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Grief group proposed at city schools

Students dealing with death would get hospice support

January 6, 2009

GLOVERSVILLE - Gloversville Enlarged School District officials are organizing a hospice support group for students in the district who are dealing with the stress and grief of personal tragedies, officials said at a Board of Education meeting Monday.

High School Principal Richard DeMallie and school nurse Susan Sherman approached the board with a plan to bring a hospice support group to the school once a week for about 45 minutes. The group will counsel students who have close family members with terminal illnesses or who have had a close family member or friend die.

"There have been several major tragedies among students recently," DeMallie said.

Article Photos

The Leader-Herald/ Kayleigh Karutis

School nurse Susan Sherman, left, and GHS Principal Richard DeMallie address the Board of Education
on Monday.

The district has at least six children who have had parents or grandparents die recently, Sherman said. Other students have siblings who have died or who are very ill, she said.

Sherman said the service would be free, and students who participate would miss one class once a week. The sessions would be for five or six weeks. They would be geared toward students who need specific help and counseling beyond the standard services offered by the district's three guidance counselors. The facilitators would be guidance counselors and representatives of local hospice organizations.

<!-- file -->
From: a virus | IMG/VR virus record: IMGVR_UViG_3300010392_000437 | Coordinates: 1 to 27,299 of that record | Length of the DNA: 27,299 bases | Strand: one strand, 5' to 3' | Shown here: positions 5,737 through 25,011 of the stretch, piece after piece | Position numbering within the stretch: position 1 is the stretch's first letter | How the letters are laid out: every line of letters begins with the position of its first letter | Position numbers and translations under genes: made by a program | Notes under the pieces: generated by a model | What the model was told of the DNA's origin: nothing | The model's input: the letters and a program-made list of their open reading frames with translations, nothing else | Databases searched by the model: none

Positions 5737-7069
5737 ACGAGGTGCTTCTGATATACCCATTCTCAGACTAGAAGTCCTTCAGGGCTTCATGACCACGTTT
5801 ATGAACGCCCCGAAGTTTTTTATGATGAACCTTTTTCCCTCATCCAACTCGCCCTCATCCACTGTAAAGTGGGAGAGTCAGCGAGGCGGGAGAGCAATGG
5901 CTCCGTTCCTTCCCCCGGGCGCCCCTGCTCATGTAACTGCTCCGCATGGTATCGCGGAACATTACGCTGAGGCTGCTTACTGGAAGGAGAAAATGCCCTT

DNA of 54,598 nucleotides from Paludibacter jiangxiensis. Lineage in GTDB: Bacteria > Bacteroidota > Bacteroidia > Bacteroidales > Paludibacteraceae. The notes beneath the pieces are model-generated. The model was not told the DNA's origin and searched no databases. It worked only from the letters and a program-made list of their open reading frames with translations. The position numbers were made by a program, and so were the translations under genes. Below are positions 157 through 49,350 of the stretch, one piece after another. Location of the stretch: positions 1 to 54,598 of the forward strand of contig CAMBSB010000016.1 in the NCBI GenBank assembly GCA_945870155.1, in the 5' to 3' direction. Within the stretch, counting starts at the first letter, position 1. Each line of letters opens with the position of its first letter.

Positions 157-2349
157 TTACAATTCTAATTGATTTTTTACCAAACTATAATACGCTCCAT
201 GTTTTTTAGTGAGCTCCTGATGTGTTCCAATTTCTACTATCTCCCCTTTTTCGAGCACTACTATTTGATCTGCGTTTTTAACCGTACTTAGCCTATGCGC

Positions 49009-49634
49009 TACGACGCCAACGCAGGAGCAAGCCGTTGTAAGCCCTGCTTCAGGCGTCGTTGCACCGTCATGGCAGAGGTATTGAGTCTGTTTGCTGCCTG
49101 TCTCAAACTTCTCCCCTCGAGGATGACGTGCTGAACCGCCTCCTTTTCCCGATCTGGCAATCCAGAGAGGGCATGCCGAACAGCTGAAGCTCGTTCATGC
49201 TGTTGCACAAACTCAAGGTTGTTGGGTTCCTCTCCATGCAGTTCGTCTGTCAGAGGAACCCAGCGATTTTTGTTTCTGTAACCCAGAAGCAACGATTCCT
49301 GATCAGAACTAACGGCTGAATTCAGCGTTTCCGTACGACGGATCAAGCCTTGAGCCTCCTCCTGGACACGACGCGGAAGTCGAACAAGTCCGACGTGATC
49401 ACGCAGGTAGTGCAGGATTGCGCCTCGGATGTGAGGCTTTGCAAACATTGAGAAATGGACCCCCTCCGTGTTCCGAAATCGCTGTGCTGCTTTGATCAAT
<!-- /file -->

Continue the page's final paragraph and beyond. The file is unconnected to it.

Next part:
The sessions would be voluntary, Sherman said. If guidance counselors notice a student who needs the service, they would ask the student if he or she would like to participate. Approval from the student's parent or guardian would be needed, Sherman said.

Board member Stan DeVoe asked what students would be targeted for the service. Sherman said it would focus mostly on middle- and high-school students.

DeVoe said while he thinks the program is a good idea, he would like to see younger students involved as well.

"I'd like to see it extended further," he said. "A [middle school or high school student] knows what death is, but a 7- or 8-year-old might have a different idea of what death is."

Sherman said if students in the elementary schools express an interest in the group, it would be easy to offer it to those students.

Board members said they were supportive of the idea, and Sherman and DeMallie said the group would start as soon as possible.

Kayleigh Karutis covers Gloversville news. She can be reached at



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